Spain doesn’t believe PM on recovery claims: Poll

Only one in five Spaniards believes Spain's economy will improve over the next 12 months, despite repeated assertions from the government that the country's economy has turned the corner, a new poll shows.

Spain doesn't believe PM on recovery claims: Poll
Spain's official unemployment rate remains at 26.02 percent. File photo: Adam Jones

The survey run by Spanish think tank CIS also shows almost half of all Spaniards think the state of the national economy has worsened in the last 12 months. Only eight percent believe the situation has improved.

At the same time the latest monthly CIS poll found that unemployment continues to be the biggest concern for Spaniards, with 81 percent saying it was among the three biggest problems facing the country.

Corruption and the state of the economy are the second and third largest issues facing Spain, according to 2,500 peopled interviewed by CIS in early February.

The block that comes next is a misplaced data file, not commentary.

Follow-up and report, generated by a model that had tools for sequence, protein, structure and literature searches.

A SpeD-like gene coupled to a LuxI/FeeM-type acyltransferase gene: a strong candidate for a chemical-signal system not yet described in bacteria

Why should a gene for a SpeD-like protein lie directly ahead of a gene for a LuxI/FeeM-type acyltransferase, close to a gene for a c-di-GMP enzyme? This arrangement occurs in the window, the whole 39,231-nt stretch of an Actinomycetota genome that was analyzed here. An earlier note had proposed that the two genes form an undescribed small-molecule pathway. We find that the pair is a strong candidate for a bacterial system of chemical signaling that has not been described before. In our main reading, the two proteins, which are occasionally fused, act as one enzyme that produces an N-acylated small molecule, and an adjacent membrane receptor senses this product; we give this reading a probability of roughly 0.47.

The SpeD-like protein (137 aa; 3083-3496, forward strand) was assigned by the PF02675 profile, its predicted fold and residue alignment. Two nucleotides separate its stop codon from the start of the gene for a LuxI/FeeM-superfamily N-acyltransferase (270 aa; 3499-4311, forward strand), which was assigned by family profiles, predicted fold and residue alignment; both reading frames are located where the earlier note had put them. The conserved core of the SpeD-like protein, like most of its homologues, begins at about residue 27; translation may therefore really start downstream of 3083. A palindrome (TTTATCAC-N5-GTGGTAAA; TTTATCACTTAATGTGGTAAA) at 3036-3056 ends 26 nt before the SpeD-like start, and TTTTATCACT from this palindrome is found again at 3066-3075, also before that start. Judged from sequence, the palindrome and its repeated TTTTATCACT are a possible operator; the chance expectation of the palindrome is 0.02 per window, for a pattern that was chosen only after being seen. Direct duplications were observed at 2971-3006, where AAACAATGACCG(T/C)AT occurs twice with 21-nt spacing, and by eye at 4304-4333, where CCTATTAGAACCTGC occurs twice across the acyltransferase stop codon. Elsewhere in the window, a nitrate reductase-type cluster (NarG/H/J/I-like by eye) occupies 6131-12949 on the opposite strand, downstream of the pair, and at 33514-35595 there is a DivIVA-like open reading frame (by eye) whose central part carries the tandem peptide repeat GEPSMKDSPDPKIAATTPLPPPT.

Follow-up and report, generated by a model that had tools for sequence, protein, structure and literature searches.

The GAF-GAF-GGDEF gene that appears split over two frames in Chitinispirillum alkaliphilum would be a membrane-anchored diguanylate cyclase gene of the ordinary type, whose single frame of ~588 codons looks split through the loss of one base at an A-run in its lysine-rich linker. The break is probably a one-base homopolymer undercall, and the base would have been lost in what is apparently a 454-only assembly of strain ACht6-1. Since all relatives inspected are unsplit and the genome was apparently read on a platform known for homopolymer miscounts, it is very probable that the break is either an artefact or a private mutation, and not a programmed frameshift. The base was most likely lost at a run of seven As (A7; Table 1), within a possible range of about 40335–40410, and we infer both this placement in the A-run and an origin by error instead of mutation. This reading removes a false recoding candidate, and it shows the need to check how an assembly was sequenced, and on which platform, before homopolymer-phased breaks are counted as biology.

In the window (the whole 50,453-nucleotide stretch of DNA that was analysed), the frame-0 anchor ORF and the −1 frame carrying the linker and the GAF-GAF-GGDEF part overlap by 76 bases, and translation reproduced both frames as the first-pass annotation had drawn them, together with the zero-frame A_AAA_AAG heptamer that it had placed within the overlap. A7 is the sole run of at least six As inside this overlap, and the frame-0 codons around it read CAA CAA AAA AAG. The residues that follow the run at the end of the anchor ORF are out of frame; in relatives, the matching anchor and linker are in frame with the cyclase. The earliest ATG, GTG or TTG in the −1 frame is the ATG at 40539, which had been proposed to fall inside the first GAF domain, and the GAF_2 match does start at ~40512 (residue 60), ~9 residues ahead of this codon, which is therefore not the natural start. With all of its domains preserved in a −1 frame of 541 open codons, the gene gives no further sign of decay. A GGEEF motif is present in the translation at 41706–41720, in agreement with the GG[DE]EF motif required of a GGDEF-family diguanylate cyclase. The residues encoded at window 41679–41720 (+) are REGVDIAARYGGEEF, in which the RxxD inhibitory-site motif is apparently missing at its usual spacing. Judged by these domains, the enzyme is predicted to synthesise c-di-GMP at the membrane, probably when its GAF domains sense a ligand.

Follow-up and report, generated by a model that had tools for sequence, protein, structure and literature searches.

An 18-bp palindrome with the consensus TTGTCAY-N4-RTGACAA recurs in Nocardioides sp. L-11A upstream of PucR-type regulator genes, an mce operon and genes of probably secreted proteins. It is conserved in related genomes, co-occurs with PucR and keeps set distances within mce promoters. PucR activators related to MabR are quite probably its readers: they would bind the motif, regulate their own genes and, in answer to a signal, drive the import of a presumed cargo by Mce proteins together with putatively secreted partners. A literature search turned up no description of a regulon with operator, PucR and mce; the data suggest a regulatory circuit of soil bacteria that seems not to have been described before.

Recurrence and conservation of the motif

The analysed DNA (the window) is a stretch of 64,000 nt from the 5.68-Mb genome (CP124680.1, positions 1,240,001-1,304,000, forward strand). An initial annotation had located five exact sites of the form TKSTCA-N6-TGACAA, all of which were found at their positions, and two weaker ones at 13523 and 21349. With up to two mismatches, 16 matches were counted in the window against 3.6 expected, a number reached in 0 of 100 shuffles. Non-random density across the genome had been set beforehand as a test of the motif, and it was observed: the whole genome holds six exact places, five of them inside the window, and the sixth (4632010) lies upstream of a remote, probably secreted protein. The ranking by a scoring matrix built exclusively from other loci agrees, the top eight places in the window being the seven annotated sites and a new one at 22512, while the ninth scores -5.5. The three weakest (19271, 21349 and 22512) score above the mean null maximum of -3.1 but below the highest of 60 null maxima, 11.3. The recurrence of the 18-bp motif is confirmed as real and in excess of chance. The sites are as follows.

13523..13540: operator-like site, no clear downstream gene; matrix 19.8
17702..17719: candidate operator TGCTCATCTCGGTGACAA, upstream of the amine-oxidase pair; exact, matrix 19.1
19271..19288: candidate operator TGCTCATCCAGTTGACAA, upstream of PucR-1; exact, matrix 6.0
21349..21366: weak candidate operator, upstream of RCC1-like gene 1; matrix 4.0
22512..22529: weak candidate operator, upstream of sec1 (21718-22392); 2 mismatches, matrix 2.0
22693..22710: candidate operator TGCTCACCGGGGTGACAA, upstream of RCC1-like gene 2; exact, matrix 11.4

The latest CIS survey was carried out before Spanish Prime Minister Mariano Rajoy delivered an upbeat state of the nation address highlighting the end of Spain's recession.

Spain officially exited recession in the third quarter of last year with 0.1 percent growth, the first positive figure in nine quarters.

In his speech, the Spanish leader also revised GDP growth figures for 2014. "The forecast is that we will reach growth of 1.0 percent in 2014 and 1.5 percent in 2015," he said during the annual debate in parliament, adding that 2014 would also see net job growth.

On Tuesday, Spain's employment ministry also announced positive February job figures with a drop of 1,949 in the number of people looking for work at the country's job offices. That is the first fall in February since the start of the country's crisis in 2007.   

But Spain's official unemployment rate remains at 26.02 percent, a fact reflected in the CIS polls.

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